Philosophy and Approach

It is important for districts and others reading this document to understand the philosophy of the author, for this philosophy has shaped the approach utilized throughout this Planning Guide. By presenting this philosophy and approach up-front, it is the author's intention to allow educators reading this document to able to evaluate the appropriateness of specific guidance provided in the document as it relates to their particular situation and community. Certainly, there can be honest disagreement about some of these issues. It is the author's goal to provide insight that will facilitate thoughtful analysis.

The author would also encourage educators to watch for an upcoming report to be released by the National Academy Press. This report will be issued by the National Research Council Committee to Study Tools and Strategies for Protecting Kids from Pornography and their Applicability to Other Inappropriate Environments. This Committee has had the opportunity to fully investigate technologies and other strategies. The report will likely provide excellent guidance to educators and districts. The report is scheduled for release in early 2002. Information will be on the National Academy Press web site at:

We, as society, are too often willing to believe that a "technological fix" will solve the problem. When we believe in the sufficiency of the "technological fix," we fail to engage in the more important actions that are necessary to effectively address the underlying concerns. Far too many decision-makers, educators, and parents believe in a myth -- that the installation and use of a "technology protection measure" will protect children against access to potentially harmful material on the Internet. The unfortunate result of the belief in this myth is false security, which leads to complacency, which results in the failure to adequately protect our children and prepare them to use the Internet in a safe and responsible manner.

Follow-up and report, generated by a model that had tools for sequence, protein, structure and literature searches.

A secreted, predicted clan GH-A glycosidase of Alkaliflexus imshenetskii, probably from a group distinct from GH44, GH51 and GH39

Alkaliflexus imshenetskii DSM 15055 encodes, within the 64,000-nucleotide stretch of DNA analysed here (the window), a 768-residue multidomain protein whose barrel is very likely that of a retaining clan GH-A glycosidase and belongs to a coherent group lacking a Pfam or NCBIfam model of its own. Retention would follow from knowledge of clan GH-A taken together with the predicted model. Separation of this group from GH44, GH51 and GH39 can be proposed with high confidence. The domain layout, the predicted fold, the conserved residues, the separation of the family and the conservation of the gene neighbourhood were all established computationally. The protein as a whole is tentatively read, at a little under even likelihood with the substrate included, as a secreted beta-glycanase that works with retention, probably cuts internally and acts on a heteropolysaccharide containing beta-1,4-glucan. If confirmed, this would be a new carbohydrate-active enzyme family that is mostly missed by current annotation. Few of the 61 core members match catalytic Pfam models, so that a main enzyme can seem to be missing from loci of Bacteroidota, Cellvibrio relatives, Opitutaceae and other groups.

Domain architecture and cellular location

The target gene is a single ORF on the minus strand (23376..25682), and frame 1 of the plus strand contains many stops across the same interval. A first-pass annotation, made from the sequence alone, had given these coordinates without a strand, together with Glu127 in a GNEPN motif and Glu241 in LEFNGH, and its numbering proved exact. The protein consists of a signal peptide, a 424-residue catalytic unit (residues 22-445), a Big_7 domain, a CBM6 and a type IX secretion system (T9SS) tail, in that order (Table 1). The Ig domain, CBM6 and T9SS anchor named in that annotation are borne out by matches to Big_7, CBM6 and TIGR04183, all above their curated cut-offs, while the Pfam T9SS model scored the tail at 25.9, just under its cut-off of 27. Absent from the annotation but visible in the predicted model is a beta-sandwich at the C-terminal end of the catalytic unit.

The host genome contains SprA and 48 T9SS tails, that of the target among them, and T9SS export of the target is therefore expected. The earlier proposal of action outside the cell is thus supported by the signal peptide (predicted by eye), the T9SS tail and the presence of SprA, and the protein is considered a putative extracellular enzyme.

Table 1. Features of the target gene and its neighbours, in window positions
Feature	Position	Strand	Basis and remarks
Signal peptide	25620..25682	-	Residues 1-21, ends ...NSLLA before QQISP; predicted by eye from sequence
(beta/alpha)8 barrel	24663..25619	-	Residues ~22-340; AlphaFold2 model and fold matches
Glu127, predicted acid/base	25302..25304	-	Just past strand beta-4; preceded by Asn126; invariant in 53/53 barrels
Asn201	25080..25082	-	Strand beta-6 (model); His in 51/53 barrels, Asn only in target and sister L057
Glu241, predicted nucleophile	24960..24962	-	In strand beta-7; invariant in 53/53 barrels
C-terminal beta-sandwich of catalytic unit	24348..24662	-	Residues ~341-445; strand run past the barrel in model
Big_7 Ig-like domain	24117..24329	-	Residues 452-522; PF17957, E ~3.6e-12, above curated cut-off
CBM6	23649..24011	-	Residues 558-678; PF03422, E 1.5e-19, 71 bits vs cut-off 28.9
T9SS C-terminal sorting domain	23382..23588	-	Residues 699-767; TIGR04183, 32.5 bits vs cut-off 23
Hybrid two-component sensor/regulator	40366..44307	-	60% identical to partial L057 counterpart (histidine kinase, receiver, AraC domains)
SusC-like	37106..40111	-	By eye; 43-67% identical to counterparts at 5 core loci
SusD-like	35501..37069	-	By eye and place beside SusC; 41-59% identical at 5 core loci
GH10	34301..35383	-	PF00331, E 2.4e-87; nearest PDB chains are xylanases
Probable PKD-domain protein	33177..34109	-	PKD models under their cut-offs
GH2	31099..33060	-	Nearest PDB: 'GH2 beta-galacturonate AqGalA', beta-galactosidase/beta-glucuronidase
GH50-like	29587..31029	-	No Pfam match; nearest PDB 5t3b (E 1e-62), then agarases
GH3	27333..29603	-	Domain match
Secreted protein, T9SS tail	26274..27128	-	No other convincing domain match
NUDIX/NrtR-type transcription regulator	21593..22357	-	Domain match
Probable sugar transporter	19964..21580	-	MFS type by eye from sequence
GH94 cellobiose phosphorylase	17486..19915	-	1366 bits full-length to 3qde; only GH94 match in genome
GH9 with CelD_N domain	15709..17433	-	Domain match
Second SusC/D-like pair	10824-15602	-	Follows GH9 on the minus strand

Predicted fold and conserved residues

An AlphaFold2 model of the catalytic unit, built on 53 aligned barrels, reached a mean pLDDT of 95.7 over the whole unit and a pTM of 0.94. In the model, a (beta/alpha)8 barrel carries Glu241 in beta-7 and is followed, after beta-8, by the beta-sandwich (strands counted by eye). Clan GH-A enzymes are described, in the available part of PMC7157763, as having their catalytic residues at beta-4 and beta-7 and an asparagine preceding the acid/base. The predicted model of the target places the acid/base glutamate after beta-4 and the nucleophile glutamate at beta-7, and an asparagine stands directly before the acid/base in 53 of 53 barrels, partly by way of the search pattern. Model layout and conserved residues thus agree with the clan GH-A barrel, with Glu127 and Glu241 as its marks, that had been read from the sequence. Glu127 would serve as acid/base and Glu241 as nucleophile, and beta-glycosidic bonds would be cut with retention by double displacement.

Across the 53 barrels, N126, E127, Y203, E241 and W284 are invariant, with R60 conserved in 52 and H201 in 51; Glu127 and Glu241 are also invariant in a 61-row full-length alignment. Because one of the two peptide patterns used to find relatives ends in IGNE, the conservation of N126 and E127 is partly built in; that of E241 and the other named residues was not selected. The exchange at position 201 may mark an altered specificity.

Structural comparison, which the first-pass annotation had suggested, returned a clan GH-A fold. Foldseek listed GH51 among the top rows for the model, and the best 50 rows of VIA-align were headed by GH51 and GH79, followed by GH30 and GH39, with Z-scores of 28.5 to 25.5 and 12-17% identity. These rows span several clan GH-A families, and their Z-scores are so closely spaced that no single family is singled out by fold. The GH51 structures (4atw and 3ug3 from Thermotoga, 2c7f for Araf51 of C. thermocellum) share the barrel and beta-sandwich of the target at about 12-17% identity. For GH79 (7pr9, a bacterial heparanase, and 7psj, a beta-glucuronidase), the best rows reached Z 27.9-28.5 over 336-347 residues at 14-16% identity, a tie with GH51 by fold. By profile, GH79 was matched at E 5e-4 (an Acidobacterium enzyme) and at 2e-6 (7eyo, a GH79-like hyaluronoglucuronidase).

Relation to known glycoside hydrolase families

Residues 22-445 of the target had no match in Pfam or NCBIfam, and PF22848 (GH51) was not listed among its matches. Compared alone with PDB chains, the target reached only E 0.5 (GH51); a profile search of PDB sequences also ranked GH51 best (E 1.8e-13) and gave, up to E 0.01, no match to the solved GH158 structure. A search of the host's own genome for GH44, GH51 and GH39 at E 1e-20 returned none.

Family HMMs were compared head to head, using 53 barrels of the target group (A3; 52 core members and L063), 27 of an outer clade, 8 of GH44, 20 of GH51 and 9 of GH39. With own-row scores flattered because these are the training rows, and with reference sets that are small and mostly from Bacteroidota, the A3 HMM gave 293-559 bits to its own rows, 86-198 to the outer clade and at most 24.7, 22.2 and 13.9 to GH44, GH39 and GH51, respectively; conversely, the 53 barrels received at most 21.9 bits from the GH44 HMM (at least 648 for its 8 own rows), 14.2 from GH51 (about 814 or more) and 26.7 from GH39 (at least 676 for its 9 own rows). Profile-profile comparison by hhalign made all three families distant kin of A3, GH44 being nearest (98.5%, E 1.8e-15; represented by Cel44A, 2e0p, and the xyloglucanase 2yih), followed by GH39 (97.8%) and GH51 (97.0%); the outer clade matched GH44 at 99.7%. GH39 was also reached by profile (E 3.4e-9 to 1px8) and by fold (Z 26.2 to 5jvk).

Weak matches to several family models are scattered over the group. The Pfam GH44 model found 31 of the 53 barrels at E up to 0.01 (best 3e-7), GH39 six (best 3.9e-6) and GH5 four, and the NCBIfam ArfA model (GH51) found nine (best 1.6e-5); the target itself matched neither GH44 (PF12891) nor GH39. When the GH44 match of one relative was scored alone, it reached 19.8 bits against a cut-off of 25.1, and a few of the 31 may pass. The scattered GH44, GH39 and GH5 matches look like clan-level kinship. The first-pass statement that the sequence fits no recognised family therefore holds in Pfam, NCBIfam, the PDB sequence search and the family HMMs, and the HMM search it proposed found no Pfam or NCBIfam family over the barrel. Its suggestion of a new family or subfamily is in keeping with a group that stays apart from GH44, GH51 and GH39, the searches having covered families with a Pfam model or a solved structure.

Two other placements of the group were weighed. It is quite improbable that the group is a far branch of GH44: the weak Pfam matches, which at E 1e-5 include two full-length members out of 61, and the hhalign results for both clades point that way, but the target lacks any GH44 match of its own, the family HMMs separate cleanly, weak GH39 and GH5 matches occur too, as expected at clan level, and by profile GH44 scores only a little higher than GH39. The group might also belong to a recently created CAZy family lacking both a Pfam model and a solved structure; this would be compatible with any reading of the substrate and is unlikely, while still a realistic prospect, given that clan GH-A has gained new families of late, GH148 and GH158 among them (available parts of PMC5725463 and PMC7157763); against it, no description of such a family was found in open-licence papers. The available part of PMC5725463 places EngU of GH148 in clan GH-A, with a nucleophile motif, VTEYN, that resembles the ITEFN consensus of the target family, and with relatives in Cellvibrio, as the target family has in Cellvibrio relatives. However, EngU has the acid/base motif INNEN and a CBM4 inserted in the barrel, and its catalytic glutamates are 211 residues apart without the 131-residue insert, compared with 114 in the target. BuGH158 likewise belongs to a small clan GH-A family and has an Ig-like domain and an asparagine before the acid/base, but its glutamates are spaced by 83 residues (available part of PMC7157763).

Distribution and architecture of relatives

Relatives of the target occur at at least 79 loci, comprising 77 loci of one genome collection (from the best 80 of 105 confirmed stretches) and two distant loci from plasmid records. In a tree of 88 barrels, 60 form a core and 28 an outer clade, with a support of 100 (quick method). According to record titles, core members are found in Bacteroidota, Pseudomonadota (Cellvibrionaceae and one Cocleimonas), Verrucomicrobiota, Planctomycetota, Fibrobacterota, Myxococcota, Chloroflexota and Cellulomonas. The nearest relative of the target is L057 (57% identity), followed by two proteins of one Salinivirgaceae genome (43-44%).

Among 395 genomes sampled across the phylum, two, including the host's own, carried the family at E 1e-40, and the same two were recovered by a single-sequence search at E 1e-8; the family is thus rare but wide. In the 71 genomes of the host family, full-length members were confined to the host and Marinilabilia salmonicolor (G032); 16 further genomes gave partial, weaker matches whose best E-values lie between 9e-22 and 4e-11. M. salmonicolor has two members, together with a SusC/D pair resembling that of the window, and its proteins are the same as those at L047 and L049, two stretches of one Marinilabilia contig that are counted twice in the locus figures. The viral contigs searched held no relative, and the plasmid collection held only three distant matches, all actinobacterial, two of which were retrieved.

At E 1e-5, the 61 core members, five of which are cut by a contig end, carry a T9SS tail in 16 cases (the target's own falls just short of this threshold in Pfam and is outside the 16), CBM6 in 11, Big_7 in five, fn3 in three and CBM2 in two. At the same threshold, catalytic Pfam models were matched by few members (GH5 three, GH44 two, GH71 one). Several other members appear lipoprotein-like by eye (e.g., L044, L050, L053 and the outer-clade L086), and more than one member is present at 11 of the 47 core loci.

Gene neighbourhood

This is not to say that there is no role for technology tools in the establishment of an environment that supports the safe and responsible use of the Internet by young people. Technology can be used to establish safe places for younger students, and to reinforce accountability on the part of older students. The concern is that a strategy that places primary reliance on "technology fixes" will fail to address the far more important issues of education and supervision.

No technology protection measure is or ever will be 100% effective in protecting young people from exposure to material that is potentially harmful. There is simply too much material on the Internet, with more material posted every second, for any technological system to be truly effective. Virtually every young person will, at one time or another, have unsupervised access to the Internet through an unfiltered, unblocked, and unmonitored system. Any time a technology is created that seeks to block access to material, another technology will emerge to get around such blocking actions. Technically proficient young people can easily obtain information on effective strategies to get around these systems.

When schools install the most common type of technology protection measures, those that blocky by ULR lists or block by content analysis, the result is that school officials turn over control for the determination of whether or not materials are appropriate for students to a third party company -- when there is no mechanism to hold this company accountable for the technical adequacy of its system, the effectiveness and appropriateness if its blocking decisions, the competency of the staff making the blocking decisions, or the potential biases that may emerge in the blocking decision-making process. School officials should not mistakenly believe that because they have the ability to select or not select certain blocking categories based on a brief description of the category that they retain any "real" control.